The attractiveness of this relief is critical to its success. Paul O'Neill, former U.S. Secretary of Treasury, once said "go find someone who says they'll do more R&D because they can get a credit for it, you'll find a fool". Replace the expression R&D with digital gaming and you can get the gist. Because of the human condition, R&D “will” happen, but the R&D tax credit regime is a factor in determining “where” R&D is managed and so it is with the Digital Gaming sector as it continues to grow. It’s up to us to make sure that sector can grow “here” and we’re making the right moves with Game-On.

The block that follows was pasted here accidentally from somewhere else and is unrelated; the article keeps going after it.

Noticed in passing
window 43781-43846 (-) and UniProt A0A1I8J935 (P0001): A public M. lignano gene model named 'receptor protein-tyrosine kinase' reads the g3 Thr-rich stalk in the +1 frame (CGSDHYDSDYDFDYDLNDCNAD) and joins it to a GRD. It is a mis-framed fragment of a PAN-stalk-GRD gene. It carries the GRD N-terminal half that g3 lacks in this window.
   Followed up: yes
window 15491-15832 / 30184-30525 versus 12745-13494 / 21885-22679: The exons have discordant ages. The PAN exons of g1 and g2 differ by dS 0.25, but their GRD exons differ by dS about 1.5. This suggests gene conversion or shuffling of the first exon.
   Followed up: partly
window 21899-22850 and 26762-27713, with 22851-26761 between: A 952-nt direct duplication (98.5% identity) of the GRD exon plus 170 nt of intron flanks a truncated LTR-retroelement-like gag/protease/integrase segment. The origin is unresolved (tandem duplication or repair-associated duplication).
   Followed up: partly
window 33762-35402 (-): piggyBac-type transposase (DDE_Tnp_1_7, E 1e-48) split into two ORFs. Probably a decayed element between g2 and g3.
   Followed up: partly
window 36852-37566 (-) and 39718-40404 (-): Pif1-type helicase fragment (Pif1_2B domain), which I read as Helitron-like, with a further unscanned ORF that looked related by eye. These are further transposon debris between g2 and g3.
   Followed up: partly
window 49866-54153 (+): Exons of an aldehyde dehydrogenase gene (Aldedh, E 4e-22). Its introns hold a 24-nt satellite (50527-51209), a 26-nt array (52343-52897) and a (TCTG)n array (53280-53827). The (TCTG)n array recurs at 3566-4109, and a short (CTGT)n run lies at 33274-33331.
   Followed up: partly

Please note this article first featured in the Business Post on 12 December 2021 and was re-published kindly with their permission on our website.